People go to great lengths to avoid pain. And that avoidance, ironically, may be a cause of chronic pain.
When a person is injured, they begin to associate the injury with the activity that caused it, and they will avoid that activity, as well as other activities. In the short term, avoidance may promote healing, but over time, fear of pain may actually initiate chronic pain, leading to disability and depression.
Psychological scientists in this symposium shared many approaches for investigating this surprising model of pain behavior. One technique was based on classical conditioning, in which volunteers were given a shock in response to a particular movement they performed. When they were expecting pain, people moved slower. Also, they tended to move slower when performing new movements, even though those movements had not been connected to pain.
Another approach was to investigate the relationship between pain and a person’s drive to complete a task. Goals associated with pain (e.g., relieving neck pain) can conflict with achievement goals (e.g., finishing a report before a deadline), which influences how people experience pain. Individuals who had both strong achievement goals and strong pain-avoidance goals reported more pain and disability.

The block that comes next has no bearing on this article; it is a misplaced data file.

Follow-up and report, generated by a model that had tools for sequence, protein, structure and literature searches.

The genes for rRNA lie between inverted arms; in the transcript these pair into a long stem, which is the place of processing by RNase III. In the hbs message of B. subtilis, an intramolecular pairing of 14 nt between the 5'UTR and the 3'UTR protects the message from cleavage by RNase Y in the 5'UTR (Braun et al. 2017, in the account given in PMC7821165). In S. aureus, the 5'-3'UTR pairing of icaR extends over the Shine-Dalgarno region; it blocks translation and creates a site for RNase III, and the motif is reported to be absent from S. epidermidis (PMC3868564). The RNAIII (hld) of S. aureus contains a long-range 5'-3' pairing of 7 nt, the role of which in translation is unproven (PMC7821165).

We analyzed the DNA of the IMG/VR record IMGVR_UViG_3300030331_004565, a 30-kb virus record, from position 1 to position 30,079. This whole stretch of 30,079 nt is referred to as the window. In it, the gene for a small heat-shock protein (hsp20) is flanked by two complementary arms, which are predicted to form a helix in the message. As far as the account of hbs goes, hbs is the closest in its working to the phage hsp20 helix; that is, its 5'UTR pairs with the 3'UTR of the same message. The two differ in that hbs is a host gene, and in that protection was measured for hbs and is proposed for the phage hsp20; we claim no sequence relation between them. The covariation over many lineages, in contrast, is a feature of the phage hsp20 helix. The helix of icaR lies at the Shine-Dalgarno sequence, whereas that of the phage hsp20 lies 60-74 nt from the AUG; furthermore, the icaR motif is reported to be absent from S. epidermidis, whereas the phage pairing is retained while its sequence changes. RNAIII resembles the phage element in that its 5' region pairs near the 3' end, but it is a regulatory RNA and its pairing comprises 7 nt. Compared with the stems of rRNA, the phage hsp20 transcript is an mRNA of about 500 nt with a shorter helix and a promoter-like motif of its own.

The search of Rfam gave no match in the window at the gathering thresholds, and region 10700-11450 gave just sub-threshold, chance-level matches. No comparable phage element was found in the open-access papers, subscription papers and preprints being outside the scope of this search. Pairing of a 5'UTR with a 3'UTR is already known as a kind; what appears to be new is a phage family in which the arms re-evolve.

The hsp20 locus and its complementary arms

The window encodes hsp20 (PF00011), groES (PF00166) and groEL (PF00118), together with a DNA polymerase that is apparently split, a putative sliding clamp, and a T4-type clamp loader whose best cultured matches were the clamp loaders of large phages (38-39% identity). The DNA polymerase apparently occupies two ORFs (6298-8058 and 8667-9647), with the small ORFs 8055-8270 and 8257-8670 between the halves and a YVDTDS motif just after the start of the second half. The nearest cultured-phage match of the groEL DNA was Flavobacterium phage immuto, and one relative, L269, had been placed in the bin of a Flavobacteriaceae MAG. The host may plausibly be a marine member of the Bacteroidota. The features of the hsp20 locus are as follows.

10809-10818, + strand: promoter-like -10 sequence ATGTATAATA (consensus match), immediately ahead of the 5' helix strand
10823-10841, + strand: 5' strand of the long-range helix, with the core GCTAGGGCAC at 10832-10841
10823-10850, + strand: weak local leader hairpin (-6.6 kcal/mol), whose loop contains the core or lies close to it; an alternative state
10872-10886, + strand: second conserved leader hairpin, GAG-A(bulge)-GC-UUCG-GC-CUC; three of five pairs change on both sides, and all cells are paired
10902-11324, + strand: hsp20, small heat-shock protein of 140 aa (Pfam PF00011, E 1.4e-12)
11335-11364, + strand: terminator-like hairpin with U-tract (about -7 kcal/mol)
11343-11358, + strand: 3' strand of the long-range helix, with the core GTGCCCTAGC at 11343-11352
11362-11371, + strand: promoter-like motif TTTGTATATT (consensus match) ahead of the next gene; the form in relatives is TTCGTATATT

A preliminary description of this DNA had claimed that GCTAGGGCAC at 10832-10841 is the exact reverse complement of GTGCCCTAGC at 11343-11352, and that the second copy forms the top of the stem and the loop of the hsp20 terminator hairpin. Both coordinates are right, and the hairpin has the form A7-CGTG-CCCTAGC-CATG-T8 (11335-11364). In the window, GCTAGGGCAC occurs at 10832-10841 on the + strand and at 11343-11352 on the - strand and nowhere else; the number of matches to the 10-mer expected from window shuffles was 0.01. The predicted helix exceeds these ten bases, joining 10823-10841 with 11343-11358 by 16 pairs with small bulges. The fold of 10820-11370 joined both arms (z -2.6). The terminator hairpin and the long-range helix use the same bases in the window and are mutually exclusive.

Brain imaging also has provided more insight into avoidance behavior. Researchers have shown that the anterior insula, a portion of the cerebral cortex that is connected to awareness of body states, is active when individuals experience pain. Also, this region is more active when they perceive a high threat of pain. Connections have also been found between regions associated with pain and regions shown to be involved in processing fear and memory.
Treatments based on this model have also been tested in clinical models. Exposure therapy, or exposing patients to activities they’ve been avoiding because of pain, has been shown to reduce pain and help patients restore mobility.
Fear is not the source of all pain, but as these psychological scientists have shown, it can fuel a vicious cycle that can only be stopped when patients acknowledge that fear.
Ann Meulders, University of Leuven, Belgium
Petra A. Karsdorp, Utrecht University and Maastricht University, The Netherlands
Katja Wiech, University of Oxford, UK
Marlies den Hollander, Maastricht University and University
Medical Centre Maastricht, The Netherlands